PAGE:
There is an apocryphal story about a graduate mathematics student at the University of Virginia studying the properties of certain mathematical objects. In his fifth year some killjoy bastard elsewhere published a paper proving that there are no such mathematical objects. He dropped out of the program, and I never did hear where he is today. He's probably making my cappuccino right now.
This week, a professor named Peter Sheridan Dodds published a new paper in Physical Review Letters further fleshing out a theory concerning why a 2/3 power law may apply for metabolic rate. The 2/3 law says that metabolic rate in animals rises as the 2/3 power of body mass. It was in a 2001 Journal of Theoretical Biology paper that he first argued that perhaps a 2/3 law applies, and that paper -- along with others such as the one that just appeared -- is what has put him in the Killjoy Hall of Fame. The University of Virginia's killjoy was a mere amateur.
The 2/3 scaling law, you see, is intuitively obvious (even if not intuitively obvious to truly defend in detail). The surface area of animals scales as the 2/3 power of their body mass, and so the rate of heat loss scales as the 2/3 power. If metabolic rate scaled as the 2/3 power, few theorists would probably have bothered taking the problem on.
But in the 1930s one Max Kleiber accumulated data that suggested to him that metabolic rate scales as the 3/4 power of body mass. It came to be known as Kleiber's Law. 3/4 is fun. ...to a theorist. 2/3, however, is boring. 3/4 is so fun that theorists had a field day trying to explain it, and there was an especially gigantic spike in the fun starting from 1997, especially from a series of papers by West, Brown and Enquist, and also by Banavar and Maritan.
And that's when buzzkill Dodds came along with his 2001 paper. He re-examined the data, and suggested that a 2/3 law could not be rejected. There may be no 3/4 law to explain after all. Nothing to see here, move along everyone. That paper further put salt in the wound by pointing out that one of the theories deriving the 3/4 law had an error.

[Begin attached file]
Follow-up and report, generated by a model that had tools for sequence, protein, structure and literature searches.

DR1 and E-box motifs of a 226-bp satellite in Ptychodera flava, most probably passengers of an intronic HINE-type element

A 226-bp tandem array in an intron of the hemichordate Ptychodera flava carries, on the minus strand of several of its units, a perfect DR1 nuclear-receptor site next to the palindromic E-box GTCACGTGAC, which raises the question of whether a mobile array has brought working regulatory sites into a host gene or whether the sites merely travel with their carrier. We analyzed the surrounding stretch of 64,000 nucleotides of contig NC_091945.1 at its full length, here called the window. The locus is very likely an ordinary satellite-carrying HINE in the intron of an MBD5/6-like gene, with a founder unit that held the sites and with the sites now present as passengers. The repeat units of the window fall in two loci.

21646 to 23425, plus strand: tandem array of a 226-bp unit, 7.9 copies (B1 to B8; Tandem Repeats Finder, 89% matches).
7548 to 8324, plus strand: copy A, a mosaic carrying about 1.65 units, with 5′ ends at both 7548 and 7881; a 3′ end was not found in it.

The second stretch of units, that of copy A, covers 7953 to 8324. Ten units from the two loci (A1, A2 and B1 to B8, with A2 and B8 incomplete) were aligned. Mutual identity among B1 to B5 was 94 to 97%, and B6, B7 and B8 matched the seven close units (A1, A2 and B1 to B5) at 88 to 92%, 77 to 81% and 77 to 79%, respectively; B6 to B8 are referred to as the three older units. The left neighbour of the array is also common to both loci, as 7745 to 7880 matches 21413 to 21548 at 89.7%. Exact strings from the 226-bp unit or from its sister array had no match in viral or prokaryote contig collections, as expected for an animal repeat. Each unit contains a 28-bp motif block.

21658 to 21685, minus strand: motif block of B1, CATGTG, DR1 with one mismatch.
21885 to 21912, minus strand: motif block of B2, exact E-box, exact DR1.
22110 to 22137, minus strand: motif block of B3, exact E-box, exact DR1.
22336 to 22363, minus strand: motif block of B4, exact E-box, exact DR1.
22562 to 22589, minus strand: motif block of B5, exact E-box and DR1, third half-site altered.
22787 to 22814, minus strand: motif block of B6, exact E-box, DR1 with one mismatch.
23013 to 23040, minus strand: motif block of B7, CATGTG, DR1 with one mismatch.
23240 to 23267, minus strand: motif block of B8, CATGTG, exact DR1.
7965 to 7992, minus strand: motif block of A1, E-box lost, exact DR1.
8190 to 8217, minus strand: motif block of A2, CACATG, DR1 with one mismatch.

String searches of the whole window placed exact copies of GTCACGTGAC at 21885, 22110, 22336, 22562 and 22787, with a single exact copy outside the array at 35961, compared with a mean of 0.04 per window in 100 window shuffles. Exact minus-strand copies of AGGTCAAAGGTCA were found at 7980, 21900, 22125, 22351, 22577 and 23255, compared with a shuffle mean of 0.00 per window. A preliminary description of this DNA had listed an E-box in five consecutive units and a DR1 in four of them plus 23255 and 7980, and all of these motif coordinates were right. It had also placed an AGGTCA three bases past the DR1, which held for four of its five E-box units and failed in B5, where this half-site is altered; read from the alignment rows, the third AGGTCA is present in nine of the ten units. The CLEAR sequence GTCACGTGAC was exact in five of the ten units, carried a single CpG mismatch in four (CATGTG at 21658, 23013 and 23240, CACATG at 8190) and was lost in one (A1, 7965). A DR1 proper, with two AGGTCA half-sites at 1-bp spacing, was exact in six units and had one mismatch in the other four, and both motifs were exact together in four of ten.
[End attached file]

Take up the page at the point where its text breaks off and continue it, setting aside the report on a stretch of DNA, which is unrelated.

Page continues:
Although Dodds is still at it with his current paper, to compensate for his party-downer laurels, he's accumulated some of the most interesting research out there, from rivers to bodies to disease to the happiness of songs over time. (Thanks, Peter, for being a good sport.)
- PHYSICAL SCIENCES
- EARTH SCIENCES
- LIFE SCIENCES
- SOCIAL SCIENCES
Subscribe to the newsletter
Stay in touch with the scientific world!
Know Science And Want To Write?
- Gravitational Waves? Watch the LIGO press conference at 10:30 Eastern.
- LIGO, Gravitational Waves, And Laser Interferometry
- Giddings: The 750 GeV Diphoton Resonance Is A Graviton
- The Greenhouse Effect Fallacy
- New Government Guidelines Won't Impact Alcohol Drinking
- Starting Age Of Marijuana Use May Have Long-term Effects On Brain Development
- Internet Searches Reflect Increase In E-Cigarette Popularity
- "Since one direction will be less time in the air (assuming this model is even correct) due to an..."
- "Sadly, given the documented events of his admin., the rule by regulation and the flouting of the..."
- "You may not like my snark, but you haven’t argued with my logic...."
- "After promising 'transparency', Obama has gone down a road of (probably unconstitutional unilateralism)..."
- "Yes the details of the gravitational waves they detect will be very important. Will they..."
- Cotton Candy Cure for Future of Organ Transplants
- Walgreens Selling to Heroin Users? Yes, to Save Their Lives
- Age-specific Rates Of Dementia In Decline — But Not The Number Of New Patients
- Undoing 35 Years Of Progress? Resistance To AIDS Meds in Africa
- Science Acceptance: The Urban-Rural Divide
- Frying Foods in Olive Oil May Provide Health Benefits
- Adenovirus dampens host DNA damage response -- implications for control and cancer therapy
- CU scientists identify factor that may trigger type 1 diabetes
- Neanderthal DNA has subtle but significant impact on human traits
- Updates on the fight to save amphibians
- Land reservoirs helped offset sea level rise, study says